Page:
Isla Bona is a small unihabited island in the Golfo de Panama due south of Panama City , near the island of Otoque. Bona has huge bird colonies which its larger neighbour lacks, because a fishing village there has introduced domestic predators such as dogs, cats and rats.
From DIBs launched frtom the stern of Sea Lion, we were able to get close to Bona where we saw close-up brown pelicans, magnificent frigate birds and blue footed boobies in great numbers, plus quite a number of crabs! Conditions were very windy and quite rough, but we managed to keep our cameras fairly dry if not ourselves. Eric, our DIB pilot, skillfully manoeuvred the DIB to give us good close up views allowing naturalist Margrit to give excellent commentary. It was an excellent if wind-blown and splashy outing, and some nice photos follow.
Weather was perfect as we headed just west of south to cross the Golfo de Panama, so we could round the Peninsula de Azuero and head west towards Costa Rica. Many passengers took the opportunity to read and sunbake. Dolphins enjoyed this long journey too, and we saw many chasing the Sea Lion and surfing in its bow wave.
Isla Iguana is a tiny island on the way, only a spot on the map, and we stopped there for an afternoon's R&R. The Sea Lion can only visit here a high tide. Windy and rough, there was a lot of spray and a wet landing, but luckily we were all equipped for swimming, so no harm done.
There is a very pleasant, sandy beach (with lots of tiny hermit crabs scampering around) where we swam, and a small reef 100m offshore to practice our snorkelling. The swimming was delightful on this hot day, the snorkelling was hampered by not very clear water and not many fish either. Everyone learned how to use their gear though.
Lindblad probably get into trouble if they lose anyone, so they enforce strong safety precautions on the beach. Whenever anyone is in the water, there is a lifeguard waist deep, and there's a safety DIB on duty patrolling the snorkellers.
What made this location fascinating was the hundreds of magnificent frigate birds swirling overhead, taking advantage of the strong breeze. The ship's doctor, who doubles as a resident orntithologist, tried to count the birds aloft, reckoning on about 500. There is a rookery behind the dunes.
Coiba National Park
After an overnight passage, we called into Coiba National Park. This is newly declared, and the only bigger marine national parks are the Great Barrier Reef Park and Galapagos National Park. Lindblad need a permit to visit here.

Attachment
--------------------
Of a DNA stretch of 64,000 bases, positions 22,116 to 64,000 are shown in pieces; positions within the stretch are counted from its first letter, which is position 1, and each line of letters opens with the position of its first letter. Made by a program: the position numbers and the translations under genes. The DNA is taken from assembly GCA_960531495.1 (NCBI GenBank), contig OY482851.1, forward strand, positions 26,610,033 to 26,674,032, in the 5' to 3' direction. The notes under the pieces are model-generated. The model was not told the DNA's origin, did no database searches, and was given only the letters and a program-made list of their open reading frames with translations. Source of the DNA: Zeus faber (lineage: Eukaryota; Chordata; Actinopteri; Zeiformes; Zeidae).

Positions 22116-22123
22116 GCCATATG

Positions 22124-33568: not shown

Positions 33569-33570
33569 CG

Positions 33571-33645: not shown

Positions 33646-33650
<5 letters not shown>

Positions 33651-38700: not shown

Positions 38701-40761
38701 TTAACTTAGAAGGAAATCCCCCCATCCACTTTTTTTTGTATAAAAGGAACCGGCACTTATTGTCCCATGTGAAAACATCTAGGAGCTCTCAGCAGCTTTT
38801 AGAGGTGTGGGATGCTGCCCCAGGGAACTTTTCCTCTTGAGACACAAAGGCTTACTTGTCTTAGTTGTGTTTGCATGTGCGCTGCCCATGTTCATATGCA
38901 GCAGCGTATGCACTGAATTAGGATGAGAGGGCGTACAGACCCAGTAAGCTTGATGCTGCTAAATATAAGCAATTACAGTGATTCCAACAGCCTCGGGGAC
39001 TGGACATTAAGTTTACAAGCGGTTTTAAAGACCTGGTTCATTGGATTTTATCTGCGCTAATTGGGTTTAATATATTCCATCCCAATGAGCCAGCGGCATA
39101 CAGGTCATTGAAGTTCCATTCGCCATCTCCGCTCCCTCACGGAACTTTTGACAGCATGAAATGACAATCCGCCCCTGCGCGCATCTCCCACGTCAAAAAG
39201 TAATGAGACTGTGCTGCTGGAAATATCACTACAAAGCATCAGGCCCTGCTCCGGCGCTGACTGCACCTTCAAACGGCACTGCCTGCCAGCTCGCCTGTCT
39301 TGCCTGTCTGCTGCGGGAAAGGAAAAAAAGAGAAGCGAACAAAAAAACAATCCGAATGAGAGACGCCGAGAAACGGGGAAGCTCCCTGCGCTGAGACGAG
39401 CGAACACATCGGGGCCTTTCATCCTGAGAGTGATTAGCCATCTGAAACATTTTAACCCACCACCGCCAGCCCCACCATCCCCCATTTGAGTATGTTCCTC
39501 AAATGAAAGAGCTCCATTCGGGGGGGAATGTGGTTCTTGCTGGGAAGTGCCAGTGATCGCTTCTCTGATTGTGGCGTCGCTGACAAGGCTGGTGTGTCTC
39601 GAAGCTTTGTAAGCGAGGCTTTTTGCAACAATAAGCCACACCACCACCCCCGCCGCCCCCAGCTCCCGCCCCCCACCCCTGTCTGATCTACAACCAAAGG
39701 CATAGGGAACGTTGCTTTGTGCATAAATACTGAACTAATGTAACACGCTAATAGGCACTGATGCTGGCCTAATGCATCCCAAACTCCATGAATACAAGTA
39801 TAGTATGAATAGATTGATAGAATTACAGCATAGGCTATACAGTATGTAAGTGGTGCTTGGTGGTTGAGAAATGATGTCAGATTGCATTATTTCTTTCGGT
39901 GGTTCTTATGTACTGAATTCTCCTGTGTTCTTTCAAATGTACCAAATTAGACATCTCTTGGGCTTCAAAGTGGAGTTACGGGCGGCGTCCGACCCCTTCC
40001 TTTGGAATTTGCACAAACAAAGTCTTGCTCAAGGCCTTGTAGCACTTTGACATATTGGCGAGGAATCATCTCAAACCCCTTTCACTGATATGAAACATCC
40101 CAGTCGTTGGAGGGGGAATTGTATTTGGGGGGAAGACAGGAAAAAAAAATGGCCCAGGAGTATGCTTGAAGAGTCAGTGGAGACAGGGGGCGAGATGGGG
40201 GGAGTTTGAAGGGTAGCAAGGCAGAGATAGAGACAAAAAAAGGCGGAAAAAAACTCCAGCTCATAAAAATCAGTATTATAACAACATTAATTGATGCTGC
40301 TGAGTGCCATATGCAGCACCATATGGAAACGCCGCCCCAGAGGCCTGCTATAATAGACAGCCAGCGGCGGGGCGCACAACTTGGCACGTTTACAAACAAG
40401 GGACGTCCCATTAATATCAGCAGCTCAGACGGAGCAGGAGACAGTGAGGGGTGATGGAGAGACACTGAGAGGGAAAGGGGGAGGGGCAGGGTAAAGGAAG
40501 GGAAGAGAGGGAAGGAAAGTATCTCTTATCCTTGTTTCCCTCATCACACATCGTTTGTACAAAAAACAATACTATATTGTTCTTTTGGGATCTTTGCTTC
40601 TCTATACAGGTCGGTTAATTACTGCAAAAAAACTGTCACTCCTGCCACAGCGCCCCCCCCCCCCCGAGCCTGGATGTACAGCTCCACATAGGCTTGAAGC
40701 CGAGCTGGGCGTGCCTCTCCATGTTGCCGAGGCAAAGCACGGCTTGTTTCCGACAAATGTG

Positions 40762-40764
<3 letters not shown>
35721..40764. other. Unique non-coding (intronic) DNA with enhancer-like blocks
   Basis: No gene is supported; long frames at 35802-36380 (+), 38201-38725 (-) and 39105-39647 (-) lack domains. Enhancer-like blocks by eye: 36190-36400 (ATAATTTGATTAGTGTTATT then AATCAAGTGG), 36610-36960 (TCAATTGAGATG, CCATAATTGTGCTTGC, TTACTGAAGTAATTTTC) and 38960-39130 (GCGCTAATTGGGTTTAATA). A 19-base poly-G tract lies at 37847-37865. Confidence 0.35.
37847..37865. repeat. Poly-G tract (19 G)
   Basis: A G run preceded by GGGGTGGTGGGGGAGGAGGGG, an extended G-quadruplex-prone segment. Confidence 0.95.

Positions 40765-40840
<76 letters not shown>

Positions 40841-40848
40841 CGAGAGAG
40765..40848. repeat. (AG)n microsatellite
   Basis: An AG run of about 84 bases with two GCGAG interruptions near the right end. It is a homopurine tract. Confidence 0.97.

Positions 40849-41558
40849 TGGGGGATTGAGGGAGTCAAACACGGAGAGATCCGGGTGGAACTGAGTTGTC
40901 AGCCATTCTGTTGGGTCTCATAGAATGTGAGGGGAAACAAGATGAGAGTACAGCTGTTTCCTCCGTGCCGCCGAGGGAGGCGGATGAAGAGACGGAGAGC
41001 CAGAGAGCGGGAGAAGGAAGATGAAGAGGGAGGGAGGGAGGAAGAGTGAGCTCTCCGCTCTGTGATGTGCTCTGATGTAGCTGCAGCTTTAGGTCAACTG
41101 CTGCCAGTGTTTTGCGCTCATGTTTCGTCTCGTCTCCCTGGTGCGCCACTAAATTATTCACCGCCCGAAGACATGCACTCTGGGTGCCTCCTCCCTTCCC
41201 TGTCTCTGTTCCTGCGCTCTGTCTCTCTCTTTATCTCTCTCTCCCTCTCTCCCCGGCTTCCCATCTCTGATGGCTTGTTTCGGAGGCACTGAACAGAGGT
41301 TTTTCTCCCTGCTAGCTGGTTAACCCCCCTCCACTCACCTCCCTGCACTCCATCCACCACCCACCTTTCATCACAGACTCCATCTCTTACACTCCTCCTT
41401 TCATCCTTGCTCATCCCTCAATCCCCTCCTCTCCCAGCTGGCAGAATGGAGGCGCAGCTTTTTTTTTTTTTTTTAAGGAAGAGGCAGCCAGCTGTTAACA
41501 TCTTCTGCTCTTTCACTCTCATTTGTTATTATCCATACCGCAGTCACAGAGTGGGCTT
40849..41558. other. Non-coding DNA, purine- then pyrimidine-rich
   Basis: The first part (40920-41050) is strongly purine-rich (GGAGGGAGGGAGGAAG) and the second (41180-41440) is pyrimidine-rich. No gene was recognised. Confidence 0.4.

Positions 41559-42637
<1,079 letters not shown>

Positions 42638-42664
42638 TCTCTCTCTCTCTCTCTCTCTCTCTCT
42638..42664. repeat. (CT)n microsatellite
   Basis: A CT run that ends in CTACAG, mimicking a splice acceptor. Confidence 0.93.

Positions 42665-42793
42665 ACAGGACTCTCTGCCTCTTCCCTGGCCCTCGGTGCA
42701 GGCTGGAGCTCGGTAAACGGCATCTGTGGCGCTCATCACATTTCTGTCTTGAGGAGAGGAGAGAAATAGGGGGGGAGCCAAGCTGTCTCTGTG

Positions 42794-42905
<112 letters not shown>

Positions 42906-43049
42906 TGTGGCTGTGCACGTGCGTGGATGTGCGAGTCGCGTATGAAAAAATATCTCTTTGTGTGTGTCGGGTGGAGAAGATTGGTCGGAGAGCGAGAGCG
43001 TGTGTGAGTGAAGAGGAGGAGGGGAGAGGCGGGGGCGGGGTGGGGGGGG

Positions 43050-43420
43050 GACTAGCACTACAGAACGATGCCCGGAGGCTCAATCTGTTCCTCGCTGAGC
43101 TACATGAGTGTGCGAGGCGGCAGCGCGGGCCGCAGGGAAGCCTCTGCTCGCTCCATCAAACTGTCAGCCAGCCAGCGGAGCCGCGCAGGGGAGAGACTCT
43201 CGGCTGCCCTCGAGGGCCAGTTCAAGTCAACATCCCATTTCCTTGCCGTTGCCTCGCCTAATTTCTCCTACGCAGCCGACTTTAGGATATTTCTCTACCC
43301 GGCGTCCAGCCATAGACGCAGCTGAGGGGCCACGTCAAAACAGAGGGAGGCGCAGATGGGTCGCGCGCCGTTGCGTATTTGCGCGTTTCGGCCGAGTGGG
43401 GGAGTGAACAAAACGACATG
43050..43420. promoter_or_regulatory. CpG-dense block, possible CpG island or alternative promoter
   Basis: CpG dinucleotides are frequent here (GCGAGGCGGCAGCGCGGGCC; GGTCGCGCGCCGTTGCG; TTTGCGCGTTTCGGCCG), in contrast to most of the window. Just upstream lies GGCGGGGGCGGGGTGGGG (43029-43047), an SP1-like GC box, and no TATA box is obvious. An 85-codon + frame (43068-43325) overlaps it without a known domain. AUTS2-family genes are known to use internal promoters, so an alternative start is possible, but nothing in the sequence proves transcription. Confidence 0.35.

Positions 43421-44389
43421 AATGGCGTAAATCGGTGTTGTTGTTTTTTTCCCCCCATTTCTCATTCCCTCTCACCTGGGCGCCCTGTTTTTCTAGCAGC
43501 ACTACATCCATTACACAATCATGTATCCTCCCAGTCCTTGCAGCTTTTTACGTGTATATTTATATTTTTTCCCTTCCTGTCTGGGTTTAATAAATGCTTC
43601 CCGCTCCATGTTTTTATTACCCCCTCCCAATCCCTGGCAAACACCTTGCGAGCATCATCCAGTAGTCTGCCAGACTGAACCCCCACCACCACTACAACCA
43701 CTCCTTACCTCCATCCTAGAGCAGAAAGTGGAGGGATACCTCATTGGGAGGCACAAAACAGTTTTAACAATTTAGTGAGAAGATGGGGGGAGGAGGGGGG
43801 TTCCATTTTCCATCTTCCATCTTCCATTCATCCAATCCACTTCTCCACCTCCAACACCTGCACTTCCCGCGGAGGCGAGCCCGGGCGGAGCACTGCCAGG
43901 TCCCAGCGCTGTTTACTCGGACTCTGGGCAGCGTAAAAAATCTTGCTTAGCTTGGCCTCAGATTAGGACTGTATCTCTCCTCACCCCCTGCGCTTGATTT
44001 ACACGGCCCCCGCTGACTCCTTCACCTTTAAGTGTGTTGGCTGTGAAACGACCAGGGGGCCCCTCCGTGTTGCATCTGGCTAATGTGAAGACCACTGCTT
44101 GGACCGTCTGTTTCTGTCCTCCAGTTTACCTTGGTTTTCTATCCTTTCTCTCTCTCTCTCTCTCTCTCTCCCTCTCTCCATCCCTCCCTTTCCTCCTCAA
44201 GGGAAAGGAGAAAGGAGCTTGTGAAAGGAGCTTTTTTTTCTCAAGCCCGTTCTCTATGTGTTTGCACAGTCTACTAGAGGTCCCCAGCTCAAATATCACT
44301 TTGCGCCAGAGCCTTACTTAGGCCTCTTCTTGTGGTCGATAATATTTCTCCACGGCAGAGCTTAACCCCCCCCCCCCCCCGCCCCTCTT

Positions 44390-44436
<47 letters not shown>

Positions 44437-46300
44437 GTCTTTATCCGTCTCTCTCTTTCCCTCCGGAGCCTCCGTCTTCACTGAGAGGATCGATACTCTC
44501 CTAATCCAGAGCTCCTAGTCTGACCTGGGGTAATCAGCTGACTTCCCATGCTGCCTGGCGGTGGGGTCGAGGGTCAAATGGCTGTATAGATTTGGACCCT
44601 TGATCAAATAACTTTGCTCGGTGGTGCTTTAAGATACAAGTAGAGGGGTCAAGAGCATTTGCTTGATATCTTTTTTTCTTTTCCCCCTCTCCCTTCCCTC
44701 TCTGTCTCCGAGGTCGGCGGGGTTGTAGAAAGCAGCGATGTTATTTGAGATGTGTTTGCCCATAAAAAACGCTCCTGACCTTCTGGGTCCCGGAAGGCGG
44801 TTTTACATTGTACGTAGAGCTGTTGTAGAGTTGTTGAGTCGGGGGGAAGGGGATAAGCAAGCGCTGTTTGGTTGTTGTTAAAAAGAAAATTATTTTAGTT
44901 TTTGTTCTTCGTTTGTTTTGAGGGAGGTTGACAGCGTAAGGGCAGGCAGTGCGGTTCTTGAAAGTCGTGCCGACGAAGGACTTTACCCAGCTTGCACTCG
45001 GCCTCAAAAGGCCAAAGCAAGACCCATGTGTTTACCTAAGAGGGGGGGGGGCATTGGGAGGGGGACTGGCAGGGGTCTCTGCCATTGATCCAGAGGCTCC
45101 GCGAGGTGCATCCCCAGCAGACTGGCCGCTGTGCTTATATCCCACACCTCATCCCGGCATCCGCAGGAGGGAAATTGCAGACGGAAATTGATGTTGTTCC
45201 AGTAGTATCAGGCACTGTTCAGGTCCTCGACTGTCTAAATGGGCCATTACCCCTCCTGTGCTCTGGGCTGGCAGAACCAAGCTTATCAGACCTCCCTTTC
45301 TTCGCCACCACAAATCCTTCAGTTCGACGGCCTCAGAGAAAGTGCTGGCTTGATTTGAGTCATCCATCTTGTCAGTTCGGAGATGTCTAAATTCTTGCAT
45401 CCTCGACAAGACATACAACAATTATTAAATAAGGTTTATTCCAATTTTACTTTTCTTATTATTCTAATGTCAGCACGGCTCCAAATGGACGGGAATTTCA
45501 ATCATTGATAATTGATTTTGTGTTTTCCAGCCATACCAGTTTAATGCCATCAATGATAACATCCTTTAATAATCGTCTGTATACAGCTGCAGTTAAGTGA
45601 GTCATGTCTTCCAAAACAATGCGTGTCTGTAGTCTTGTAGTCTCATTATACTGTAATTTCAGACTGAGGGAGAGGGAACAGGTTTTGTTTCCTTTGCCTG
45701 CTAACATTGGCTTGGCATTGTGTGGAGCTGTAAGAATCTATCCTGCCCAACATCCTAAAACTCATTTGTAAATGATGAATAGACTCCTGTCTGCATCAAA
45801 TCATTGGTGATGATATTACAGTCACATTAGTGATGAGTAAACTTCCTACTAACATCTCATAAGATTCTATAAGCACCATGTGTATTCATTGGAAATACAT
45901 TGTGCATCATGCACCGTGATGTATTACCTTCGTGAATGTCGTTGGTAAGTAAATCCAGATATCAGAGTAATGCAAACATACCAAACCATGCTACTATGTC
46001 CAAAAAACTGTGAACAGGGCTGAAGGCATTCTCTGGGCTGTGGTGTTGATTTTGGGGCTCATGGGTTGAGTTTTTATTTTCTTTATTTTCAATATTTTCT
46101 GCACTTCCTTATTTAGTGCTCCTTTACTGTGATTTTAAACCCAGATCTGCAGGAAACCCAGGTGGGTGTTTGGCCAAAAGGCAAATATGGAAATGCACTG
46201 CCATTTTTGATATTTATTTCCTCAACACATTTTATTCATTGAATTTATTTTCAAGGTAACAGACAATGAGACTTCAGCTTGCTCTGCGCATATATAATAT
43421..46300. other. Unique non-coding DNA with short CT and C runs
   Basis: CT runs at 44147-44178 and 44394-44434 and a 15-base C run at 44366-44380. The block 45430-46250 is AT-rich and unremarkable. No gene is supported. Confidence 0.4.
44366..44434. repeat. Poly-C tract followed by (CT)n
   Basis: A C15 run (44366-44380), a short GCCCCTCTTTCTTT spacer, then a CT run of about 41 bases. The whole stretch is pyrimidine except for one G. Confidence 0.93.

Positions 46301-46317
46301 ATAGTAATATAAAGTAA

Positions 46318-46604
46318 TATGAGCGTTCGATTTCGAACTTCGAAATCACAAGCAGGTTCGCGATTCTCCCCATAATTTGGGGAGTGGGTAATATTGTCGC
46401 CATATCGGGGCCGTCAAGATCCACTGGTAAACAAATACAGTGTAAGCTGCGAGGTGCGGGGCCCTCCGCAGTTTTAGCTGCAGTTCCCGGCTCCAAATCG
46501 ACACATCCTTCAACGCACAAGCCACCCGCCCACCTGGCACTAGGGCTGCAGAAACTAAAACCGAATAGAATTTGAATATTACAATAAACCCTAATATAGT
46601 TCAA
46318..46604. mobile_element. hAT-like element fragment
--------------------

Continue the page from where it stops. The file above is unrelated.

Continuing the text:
Some little boat had beaten us to our intended morning destination, so we scuttled off to Rancheria Beach for the morning. This proved to be an idyllic location, we swam, kayaked and stand-up paddle boarded.
In the afternoon we scooted (maybe 2km) to a tiny island, Granito de Oro, a little grain of gold. It lived up to its name. The snorkelling here was fabulous, indeed its website claims Granito to be one of the 10 best dive sites in the world. Regardless, the water was crystal clear, the fish were varied, and it was maybe 2-3m deep. We were able to snorked right around the little island.
31 January, 2017
29 January, 2017
We had to link up with Lindblad again to join our next expedition, and to do so, we met an incoming group flight at Tocumen Airport. A group of about 20 then boarded a bus to take us to Colon, about an hour away on, mostly, a 4 lane divided road. On the way, we stopped over at Miraflores Locks, and it was good to have another viewing.
The part of Colon we drove through to get to the massive container port (next door to the west's largest free-trade zone), where the Sea Lion was docked, looked very poor. The slums we saw in Panama City are more than replicated here, but Felix, our guide for the bus trip, told us the government is staging a massive reinvestment (urban renewal?) program for the city.
On arrival, we were positively rushed onto the Sea Lion. It seemed that the pilot was already on board, and if we didn't go now, we would lose him and our slot on the canal! Our cabin, #106, is on the Bridge Deck (the uppermost of 3 passenger decks), had two single bunks, and was relatively spacious compared to #6 on the Pan Orama II.
We learned that the Sea Lion has 39 expeditioners this trip, maybe only half full. The passenger list revealed 6 Aussies (we haven't met them yet) and the rest from the USA, some from Canada. We met the expedition crew. The Sea Lion is US registered, and the officers are all American. The Expedition Leader, Chris and most of his team (Fico, Margrit, and two Jose's, all naturalists) are from either Panama or Costa Rica. It's good to see Lindblad NG employing local experts in senior positions. Other staff were Amy (wellness), Sarah (video) and John (doctor), all from USA.
Immediately after we left the dock, we entered the canal and arrived quickly at the Gatun Locks, a set of three steps up into Lake Gatun. We shared the 1000ft long locks with a larger cargo ship, in front of us. The Panamanian Jose (Perez) is a canal expert, and gave a detailed commentary on how the docks work, as we traversed them. Apparently, the daylight passage through the Gatun Locks was a rare privilege - it's usually at night for the Sea Lion.
Now at full elevation, the ship in front of us slowly motors into Gatun Lake, still under control of the mules. Getting dark, we were very lucky to get a daylight passage through here.
The drivers of the mules which, with ropes, position ships in the centre of the locks, must be amused when ships loaded with passengers sipping prosecco, and with accompanying commentary, are passing through. The Sea Lion at only 9m wide, is a breeze for the mule drivers. They must have to be very careful when Panamax ships are passing through! Sea Lion pays USD8,000 to transit the canal in one direction.
Anchoring on Gatun Lake is limited to two vessels at a time, but somehow Lindblad have arranged for the Sea Lion to receive a permit. Under the command of the pilot, who must be on board whenever any large vessel moves, we were guided to a suitable overnight anchorage, where we spent a calm night.
All movements on the Panama Canal are strictly controlled by canal pilots. A pilot boarded the Sea Lion at about 05:00 and we motored a short distance from our overnight anchorage to a bay on Barro Colorado Island, the largest in Gatun Lake, a National Monument, and the home to a large Smithsonian sponsored biological science research facility. Access is strictly controlled, but Lindblad have made the necessary arrangements, naturally.